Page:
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Believe what they do, not what they say. Is Eli Lilly really committed to innovation?

I had lunch with Bernard Munoz recently. Bernard has worked at Eli Lilly for over 29 years. Over his career he helped run Lilly affiliates in Portugal, Austria and France while with the Elanco Animal Health group. More recently he is working as an advisor in the corporate strategy area at Lilly Corporate Center in Indianapolis.

We met at a business function a couple of weeks ago. Bernard introduced himself as a consultant in “disruptive innovation.” I worked at Lilly for over 10 years. I learned a lot about pharmaceuticals, about marketing, about how to build a business in places like Japan and Eastern Europe and about the value of a robust process. What I also learned from Lilly was that change happens slowly in a large company. The fact that Lilly now had an internal consultant tasked with to bringing change to the organization was invigorating. We agreed to meet again to discuss.

Over a plate of Greek food I learned a ton about the current happenings in the pharmaceutical industry.

Bernard has been intrigued with innovation his whole life. His passion is beginning to be noticed by others. In December 2009 he published a paper in Nature Review titled “Lessons from 60 years of pharmaceutical innovation.” He followed the number of new molecular entities (NMEs) that have been approved since 1950 and looked at the changes year to year both in the number of new entities approved and the expense to make it happen. From 1950 to 2008 the FDA has approved 1,222 new drugs. On average the number of new drugs approved each year over this period is roughly the same. In 2008 21 NMEs were approved.

He documents that over the same period the cost of developing new drugs is rising at the exponential rate of 13.5% per year. Same number of products out each year, costs rising exponentially. If nothing changes this is an unsustainable situation.

Many large pharmaceutical companies estimate they need to produce an average of 2–3 NMEs per year to meet their growth objectives. The paper states that none of them has ever approached this level of output. The historical level is close to 1 per year. Bernard’s research points out that statistically the chance to getting to this level with the current pharmaceutical industry’s business model is very low.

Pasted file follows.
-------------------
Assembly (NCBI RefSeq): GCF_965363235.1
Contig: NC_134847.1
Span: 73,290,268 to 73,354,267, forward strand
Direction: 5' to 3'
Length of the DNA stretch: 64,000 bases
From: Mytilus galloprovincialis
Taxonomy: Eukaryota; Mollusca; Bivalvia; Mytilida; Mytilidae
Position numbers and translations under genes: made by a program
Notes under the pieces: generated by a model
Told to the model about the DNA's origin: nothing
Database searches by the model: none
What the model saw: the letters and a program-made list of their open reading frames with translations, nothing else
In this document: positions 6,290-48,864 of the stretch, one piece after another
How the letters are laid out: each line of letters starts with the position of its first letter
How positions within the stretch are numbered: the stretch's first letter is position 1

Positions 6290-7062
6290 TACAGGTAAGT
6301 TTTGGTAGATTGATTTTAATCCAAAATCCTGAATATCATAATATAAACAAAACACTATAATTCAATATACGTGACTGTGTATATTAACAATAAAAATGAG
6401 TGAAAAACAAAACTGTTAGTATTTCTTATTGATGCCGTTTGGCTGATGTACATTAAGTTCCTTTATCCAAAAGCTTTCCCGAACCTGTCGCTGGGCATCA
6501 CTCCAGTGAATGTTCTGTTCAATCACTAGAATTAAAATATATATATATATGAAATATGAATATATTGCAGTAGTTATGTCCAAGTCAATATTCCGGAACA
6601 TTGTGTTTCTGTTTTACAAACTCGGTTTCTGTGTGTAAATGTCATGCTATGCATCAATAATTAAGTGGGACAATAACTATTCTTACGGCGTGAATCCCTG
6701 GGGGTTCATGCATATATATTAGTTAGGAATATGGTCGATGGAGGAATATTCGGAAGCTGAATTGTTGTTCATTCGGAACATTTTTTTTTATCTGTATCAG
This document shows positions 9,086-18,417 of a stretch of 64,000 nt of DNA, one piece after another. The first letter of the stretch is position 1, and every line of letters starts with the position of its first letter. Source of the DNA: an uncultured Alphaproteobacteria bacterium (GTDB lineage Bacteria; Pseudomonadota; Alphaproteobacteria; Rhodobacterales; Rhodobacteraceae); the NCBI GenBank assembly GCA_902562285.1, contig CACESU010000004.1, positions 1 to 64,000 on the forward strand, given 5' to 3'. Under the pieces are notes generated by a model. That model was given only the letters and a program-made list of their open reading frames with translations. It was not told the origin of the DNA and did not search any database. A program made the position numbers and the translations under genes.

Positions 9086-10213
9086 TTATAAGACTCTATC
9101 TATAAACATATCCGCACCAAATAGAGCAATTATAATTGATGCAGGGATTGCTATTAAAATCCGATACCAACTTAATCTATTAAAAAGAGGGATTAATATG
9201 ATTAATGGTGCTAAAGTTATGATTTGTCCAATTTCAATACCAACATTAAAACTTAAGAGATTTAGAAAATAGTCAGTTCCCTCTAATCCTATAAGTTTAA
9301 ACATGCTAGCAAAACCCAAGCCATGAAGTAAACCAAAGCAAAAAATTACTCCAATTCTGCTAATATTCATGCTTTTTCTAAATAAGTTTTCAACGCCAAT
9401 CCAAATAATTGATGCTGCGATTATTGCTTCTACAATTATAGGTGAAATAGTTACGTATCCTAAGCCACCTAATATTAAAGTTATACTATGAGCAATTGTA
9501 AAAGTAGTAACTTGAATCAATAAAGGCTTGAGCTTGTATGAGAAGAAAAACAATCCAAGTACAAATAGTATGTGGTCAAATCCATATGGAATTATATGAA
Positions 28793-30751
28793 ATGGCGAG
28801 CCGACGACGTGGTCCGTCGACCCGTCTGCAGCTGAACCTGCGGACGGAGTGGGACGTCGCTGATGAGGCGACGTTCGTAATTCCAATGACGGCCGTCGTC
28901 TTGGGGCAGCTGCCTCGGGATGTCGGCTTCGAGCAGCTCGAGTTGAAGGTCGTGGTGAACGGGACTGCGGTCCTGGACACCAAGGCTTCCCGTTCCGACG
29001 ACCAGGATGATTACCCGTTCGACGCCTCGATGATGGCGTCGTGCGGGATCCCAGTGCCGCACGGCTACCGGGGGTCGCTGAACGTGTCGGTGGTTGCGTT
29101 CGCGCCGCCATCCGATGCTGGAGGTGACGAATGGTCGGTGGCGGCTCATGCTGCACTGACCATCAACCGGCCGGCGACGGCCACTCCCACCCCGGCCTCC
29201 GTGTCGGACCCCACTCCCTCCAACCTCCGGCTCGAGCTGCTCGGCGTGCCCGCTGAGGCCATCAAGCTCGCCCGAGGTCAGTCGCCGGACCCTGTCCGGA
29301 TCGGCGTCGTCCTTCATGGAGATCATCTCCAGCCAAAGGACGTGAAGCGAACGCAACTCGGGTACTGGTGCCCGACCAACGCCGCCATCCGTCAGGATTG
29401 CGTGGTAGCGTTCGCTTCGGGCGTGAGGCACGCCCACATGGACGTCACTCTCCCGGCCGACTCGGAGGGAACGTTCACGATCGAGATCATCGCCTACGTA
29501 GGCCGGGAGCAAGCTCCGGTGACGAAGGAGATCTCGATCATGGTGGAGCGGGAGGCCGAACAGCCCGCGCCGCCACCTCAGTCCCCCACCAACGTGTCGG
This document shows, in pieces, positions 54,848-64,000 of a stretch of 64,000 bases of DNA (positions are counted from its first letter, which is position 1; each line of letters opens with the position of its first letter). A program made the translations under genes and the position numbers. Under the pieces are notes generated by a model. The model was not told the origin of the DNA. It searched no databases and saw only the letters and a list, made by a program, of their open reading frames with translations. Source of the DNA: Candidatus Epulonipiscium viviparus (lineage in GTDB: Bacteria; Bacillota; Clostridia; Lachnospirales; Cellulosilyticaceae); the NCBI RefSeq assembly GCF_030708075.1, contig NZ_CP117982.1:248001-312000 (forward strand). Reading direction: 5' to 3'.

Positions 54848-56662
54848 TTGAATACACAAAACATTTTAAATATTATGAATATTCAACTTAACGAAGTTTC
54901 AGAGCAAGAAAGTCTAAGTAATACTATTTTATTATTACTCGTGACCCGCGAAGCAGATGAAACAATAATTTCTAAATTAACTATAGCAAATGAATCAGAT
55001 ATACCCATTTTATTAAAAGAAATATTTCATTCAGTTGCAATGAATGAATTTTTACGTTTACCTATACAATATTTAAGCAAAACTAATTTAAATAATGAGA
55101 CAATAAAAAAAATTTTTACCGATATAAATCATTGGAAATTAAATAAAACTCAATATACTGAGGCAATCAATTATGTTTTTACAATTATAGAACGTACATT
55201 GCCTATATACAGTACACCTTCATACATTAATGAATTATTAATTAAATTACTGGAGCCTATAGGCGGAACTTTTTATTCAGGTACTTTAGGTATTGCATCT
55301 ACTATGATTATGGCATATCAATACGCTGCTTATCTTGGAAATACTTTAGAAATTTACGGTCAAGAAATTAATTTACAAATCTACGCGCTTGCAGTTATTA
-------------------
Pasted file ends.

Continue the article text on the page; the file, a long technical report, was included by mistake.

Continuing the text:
There have been a few spikes and troughs over the years. Bernard’s conclusion is that this may have been more a function with the number of companies with applications outstanding. The more companies, the more applications, the more approved NMEs. His paper goes on to demonstrate that M&A activity in the pharmaceutical industry actually negatively affected the number of NMEs approved. In his words 1+1=1.

Bernard argues that we need to increase the number of companies developing NMEs. A larger number of companies accelerate the acquisition of knowledge creating what economists call a spillover – an industry wide benefit that enables all companies to be more effective. He also argues that the pharmaceutical industry needs to fundamentally change the way they develop new products.

Bernard and William Chin, formerly a colleague at Lilly and now at Harvard Medical School published a paper in Science Translational Medicine also in December 2009 titled “A Call for Sharing: Adapting Pharmaceutical Research to New Realities” that points out that today’s innovation increasingly stems from the aggregation of numerous small contributions. The authors argue that companies should compete in areas that offer a viable return on investment, and share where pre-competitive collaboration helps all of us discover new therapies more efficiently and effectively. The authors issue a call for the pharmaceutical industry and governmental agencies to “join hands and intensify sharing in order to help repower pharmaceutical innovation.”